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The United States Senate on Wednesday passed the "FAA Reauthorization Act" which—among other things—could allow federal law enforcement officers to shoot down privately owned drones.

The new provisions permitting police to act against unmanned aerial vehicles comes amid concerns that drones can be weaponized and used by international terror networks.

A more benign reason advocates for the legislation argue for the passage of the bill is that there has been an increase of novice drone pilots crashing their devices into private property.

The American Civil Liberties Union denounced the bill.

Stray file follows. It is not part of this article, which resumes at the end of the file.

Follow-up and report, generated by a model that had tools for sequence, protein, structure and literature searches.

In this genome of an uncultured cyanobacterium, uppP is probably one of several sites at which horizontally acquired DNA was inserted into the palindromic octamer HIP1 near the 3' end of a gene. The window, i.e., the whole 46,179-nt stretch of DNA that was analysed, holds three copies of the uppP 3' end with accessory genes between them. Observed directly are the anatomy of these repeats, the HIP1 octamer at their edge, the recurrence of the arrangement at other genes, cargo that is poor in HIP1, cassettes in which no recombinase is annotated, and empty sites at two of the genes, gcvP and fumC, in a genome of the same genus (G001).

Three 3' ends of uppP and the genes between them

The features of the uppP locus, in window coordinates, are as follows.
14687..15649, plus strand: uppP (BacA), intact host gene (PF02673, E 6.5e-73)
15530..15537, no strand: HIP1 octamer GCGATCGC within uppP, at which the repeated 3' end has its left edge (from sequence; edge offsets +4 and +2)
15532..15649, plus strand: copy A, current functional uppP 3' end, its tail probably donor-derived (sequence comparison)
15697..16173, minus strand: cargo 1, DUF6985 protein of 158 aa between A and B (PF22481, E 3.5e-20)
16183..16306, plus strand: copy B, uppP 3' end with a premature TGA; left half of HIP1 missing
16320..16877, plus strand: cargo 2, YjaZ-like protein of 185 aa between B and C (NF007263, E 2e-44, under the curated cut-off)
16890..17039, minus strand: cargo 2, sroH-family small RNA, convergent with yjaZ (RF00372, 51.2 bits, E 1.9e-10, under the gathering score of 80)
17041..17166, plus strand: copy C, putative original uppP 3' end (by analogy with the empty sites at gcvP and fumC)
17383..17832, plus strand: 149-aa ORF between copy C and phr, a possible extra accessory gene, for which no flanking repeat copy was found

An ACLU spokesperson told TechCrunch that the new legislation grants "new powers to the Justice Department and the Department of Homeland Security to spy on Americans without a warrant" and they "undermine the use of drones by journalists, which have enabled reporting on critical issues like hurricane damage and protests at Standing Rock."

"The FAA Reauthorization Act of 2018 repeals Section 336, under which currently all hobbyist drone operators fly. Going forward all drone pilots will be required to register their aircraft and take an aeronautical knowledge test," according to DroneDJ.com, a website that reports on news related to UAVs.